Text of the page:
Evolution of the Sun’s Polar Fields and the Poleward Transport of Remnant Magnetic Flux
Synoptic magnetograms and relevant proxy data were analyzed to study the evolution of the Sun’s polar magnetic fields. The time-latitude analysis of large-scale magnetic fields demonstrates cyclic changes in their zonal structure and the polar field buildup. The time-latitude distributions of the emergent and remnant magnetic flux enable us to examine individual features of recent cycles. The poleward transport of predominantly following polarities contributed much of the polar flux and led to polar field reversals. Multiple reversals of dominant polarities at the Sun’s poles were identified in Cycles 20 and 21. Triple reversals were caused by remnant flux surges of following and leading polarities. The time-latitude analysis of solar magnetic fields in Cycles 20 – 24 revealed zones that are characterized by a predominance of negative (non-Joy) tilts and by the appearance of active regions that violate Hale’s polarity law. The decay of non-Joy and anti-Hale active regions results in remnant flux surges that disturb the usual order in magnetic flux transport and sometimes lead to multiple reversals of polar fields. The analysis of local and large-scale magnetic fields and their causal relation improved our understanding of the Sun’s polar field weakening.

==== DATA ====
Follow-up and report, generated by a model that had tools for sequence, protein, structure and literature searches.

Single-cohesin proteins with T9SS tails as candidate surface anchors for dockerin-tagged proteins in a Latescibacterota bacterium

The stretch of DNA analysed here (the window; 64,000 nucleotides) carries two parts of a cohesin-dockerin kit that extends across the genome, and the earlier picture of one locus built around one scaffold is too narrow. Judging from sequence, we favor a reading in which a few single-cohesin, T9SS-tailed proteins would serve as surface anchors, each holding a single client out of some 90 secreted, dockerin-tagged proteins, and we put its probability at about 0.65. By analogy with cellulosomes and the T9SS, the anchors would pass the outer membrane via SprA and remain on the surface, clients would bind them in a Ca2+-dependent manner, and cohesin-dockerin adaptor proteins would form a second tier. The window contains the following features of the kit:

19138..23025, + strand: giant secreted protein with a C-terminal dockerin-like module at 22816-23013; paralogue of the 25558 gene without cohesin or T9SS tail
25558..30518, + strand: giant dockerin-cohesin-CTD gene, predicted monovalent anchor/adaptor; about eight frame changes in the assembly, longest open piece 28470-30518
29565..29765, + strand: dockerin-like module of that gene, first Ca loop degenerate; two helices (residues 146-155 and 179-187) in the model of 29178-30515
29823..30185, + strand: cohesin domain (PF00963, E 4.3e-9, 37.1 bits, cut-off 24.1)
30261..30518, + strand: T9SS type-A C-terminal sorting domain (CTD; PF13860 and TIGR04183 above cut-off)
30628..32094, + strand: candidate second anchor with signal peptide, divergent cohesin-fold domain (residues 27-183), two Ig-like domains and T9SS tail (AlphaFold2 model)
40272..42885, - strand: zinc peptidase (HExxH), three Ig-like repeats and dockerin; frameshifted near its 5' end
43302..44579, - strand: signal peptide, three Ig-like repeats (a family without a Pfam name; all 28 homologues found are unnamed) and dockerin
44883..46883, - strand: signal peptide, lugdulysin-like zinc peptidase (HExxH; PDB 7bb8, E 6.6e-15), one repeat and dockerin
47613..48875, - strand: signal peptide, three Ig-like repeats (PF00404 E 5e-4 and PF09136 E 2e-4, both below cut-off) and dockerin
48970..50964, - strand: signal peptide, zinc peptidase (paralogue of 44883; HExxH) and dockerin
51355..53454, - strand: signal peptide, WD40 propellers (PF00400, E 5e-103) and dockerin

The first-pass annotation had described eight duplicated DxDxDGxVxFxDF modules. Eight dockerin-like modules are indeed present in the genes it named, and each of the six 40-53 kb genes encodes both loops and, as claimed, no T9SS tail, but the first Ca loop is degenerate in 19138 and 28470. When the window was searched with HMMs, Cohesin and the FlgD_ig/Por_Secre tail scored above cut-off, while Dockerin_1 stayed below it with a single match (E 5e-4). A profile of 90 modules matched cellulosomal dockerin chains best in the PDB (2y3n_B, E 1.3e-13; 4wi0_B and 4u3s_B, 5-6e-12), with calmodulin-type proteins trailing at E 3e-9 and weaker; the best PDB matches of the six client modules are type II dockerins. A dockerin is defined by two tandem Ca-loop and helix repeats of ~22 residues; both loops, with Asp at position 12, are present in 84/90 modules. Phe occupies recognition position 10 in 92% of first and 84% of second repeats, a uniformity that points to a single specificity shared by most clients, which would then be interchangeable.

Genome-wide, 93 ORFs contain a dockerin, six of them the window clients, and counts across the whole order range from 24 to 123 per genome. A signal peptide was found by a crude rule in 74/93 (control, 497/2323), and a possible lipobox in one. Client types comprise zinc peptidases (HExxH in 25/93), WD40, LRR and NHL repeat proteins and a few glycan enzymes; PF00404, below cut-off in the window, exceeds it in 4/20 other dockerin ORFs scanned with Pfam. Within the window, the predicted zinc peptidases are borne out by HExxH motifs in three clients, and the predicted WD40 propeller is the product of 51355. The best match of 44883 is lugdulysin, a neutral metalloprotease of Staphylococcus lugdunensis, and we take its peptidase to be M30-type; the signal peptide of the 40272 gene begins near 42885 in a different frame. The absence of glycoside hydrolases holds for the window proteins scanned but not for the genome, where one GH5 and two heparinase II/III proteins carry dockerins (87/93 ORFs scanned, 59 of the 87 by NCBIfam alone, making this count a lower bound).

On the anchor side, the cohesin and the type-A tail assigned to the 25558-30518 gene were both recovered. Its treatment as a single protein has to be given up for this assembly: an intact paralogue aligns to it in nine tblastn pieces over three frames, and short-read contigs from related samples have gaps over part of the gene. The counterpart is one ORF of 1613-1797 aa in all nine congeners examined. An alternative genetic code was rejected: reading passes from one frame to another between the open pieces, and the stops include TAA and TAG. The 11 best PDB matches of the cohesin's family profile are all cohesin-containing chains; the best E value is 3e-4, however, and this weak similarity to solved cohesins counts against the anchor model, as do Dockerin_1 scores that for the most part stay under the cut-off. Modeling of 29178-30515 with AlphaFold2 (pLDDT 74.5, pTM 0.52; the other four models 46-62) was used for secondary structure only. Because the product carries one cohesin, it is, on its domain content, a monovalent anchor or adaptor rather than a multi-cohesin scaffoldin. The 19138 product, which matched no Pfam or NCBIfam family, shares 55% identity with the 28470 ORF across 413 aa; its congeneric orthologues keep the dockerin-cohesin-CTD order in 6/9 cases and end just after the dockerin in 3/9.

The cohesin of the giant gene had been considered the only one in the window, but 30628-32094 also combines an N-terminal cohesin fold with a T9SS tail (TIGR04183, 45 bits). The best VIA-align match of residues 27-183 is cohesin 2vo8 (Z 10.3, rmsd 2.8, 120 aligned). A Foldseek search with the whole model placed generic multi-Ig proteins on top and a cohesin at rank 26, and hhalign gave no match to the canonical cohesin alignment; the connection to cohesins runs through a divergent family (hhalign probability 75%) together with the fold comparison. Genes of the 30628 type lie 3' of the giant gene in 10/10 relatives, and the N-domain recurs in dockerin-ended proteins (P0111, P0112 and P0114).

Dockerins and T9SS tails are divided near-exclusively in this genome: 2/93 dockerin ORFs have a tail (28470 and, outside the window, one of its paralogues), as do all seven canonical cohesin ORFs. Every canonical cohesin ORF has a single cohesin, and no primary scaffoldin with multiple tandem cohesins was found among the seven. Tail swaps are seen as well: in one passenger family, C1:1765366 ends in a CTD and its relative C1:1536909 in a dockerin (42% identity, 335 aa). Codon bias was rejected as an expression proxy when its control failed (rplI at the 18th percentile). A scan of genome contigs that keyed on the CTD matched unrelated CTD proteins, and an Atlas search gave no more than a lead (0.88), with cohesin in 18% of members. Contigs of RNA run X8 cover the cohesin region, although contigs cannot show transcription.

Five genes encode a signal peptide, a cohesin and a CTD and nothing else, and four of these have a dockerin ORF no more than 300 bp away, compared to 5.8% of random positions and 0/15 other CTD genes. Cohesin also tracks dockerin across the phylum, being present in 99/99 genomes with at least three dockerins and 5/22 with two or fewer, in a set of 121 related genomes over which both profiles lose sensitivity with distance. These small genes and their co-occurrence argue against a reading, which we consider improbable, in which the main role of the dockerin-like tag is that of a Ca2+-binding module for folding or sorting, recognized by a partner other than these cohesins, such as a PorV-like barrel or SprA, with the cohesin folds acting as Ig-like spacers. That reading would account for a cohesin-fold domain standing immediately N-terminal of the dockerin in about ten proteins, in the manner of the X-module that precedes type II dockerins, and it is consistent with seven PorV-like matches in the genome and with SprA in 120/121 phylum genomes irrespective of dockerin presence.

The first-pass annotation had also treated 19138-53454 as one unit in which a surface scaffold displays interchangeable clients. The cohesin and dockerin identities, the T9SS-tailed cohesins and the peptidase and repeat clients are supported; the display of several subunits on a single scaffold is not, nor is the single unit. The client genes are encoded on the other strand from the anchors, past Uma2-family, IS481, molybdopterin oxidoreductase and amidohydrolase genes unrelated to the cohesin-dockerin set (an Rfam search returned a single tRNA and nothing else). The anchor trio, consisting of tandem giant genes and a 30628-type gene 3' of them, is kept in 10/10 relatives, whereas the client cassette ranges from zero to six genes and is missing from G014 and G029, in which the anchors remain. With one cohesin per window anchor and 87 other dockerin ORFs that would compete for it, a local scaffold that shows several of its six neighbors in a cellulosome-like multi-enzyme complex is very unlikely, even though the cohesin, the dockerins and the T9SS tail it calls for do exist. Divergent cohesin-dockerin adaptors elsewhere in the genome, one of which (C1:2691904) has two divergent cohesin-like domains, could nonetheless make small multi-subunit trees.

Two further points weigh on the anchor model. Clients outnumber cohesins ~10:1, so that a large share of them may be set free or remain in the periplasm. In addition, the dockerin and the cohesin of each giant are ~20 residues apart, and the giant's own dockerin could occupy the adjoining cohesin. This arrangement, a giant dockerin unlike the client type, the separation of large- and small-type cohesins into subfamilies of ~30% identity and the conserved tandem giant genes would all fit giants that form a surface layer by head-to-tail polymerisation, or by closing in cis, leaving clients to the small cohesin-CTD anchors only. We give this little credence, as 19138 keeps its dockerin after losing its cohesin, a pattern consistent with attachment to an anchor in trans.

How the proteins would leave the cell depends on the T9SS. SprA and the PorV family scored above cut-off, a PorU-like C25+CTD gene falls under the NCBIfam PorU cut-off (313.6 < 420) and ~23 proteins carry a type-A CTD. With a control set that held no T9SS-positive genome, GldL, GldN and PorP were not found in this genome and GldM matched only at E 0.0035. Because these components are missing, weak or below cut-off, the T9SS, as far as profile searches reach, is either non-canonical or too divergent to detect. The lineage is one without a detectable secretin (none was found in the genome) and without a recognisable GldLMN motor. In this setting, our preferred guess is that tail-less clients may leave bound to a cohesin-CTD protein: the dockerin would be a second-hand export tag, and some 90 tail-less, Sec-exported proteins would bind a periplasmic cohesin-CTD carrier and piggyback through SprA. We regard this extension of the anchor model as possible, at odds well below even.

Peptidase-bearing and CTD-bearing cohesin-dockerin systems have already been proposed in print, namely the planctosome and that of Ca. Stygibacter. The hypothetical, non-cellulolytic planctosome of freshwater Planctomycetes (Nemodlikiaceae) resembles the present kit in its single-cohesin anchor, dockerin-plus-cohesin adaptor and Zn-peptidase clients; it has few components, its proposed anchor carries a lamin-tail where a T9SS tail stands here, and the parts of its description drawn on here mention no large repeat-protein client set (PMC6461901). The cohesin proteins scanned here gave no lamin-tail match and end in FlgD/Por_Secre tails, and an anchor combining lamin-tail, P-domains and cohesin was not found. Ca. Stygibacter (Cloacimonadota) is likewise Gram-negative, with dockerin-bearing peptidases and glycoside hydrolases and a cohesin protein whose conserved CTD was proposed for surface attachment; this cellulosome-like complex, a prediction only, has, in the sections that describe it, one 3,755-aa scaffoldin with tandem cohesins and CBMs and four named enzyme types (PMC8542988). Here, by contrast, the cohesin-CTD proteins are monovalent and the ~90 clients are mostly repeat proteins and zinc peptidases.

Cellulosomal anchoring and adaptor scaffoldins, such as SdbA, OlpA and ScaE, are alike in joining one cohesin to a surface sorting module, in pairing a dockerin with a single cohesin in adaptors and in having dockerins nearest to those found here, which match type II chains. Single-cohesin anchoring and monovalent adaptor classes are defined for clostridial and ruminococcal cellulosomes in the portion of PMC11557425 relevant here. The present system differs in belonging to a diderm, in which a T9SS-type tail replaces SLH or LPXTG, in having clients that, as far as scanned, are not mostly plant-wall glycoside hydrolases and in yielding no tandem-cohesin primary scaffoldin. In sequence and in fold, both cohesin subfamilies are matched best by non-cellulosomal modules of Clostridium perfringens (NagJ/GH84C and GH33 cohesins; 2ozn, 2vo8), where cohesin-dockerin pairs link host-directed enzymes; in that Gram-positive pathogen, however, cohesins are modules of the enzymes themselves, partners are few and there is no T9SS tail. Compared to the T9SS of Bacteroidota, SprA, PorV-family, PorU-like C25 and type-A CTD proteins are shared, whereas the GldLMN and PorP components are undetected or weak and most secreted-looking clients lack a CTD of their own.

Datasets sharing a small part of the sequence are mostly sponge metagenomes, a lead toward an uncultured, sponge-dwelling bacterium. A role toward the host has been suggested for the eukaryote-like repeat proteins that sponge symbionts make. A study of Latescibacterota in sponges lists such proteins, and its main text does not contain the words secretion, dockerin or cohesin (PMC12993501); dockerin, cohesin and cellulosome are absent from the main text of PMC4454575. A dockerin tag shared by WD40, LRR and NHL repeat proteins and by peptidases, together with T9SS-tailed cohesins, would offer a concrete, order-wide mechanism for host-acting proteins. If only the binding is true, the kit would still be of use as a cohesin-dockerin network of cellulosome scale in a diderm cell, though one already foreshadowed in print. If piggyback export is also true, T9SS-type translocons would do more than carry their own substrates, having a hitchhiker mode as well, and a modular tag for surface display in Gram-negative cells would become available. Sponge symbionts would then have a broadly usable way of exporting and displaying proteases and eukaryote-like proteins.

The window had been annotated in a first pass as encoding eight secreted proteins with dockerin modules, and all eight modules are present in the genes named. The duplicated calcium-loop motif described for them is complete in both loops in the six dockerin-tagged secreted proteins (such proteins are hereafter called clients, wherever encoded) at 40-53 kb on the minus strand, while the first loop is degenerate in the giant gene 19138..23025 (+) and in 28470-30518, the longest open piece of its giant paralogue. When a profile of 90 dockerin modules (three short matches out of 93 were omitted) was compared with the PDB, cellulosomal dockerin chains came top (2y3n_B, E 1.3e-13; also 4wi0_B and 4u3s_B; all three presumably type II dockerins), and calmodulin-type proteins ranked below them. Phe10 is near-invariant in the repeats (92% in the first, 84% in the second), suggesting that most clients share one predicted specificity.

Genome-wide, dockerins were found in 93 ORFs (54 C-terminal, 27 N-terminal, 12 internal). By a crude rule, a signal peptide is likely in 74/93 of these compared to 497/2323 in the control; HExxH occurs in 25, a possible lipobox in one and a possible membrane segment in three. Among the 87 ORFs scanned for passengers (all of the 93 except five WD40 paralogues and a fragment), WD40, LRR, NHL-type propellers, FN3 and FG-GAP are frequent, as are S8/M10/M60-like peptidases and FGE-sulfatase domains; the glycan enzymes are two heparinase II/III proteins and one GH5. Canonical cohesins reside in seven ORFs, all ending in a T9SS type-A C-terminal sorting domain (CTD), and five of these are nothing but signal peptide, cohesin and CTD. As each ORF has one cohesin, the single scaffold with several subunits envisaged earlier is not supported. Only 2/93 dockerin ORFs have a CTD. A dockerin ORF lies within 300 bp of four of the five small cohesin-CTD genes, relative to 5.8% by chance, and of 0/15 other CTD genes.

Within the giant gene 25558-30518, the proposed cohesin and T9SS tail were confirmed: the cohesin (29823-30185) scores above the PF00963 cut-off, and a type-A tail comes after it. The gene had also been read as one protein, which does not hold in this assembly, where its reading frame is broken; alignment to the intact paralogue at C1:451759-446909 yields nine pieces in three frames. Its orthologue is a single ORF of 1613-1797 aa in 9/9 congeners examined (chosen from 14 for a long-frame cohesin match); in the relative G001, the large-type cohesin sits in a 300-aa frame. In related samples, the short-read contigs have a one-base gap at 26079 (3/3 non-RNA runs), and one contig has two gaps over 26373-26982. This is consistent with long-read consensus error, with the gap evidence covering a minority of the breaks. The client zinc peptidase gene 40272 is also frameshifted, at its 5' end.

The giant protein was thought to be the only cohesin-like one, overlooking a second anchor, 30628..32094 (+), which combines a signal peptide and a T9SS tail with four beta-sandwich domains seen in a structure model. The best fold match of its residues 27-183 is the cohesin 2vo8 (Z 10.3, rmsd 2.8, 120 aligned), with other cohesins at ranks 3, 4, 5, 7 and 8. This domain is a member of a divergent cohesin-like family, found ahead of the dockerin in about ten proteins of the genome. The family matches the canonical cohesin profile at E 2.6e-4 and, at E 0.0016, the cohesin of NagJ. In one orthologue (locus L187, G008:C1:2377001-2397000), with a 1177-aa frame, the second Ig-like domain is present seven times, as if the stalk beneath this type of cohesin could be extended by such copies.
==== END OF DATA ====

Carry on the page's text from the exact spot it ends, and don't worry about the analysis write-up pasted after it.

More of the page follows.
KeywordsMagnetic fields, photosphere Active regions Solar cycle, observations
This research uses synoptic magnetograms from the WSO and Kitt Peak observatories. We also used sunspot group tilt data from the Mount Wilson and Debrecen observatories. The synoptic maps from the McIntosh archive were also used in this research. We are grateful to A.I. Khlystova for preparing data on anti-Hale active regions, and J. Sutton for improving the English version of the manuscript. The work was supported by Basic Research program II.16 and the RFBR project 17-02-00016.
Disclosure of Potential Conflicts of Interest
The authors declare that they have no conflicts of interest.
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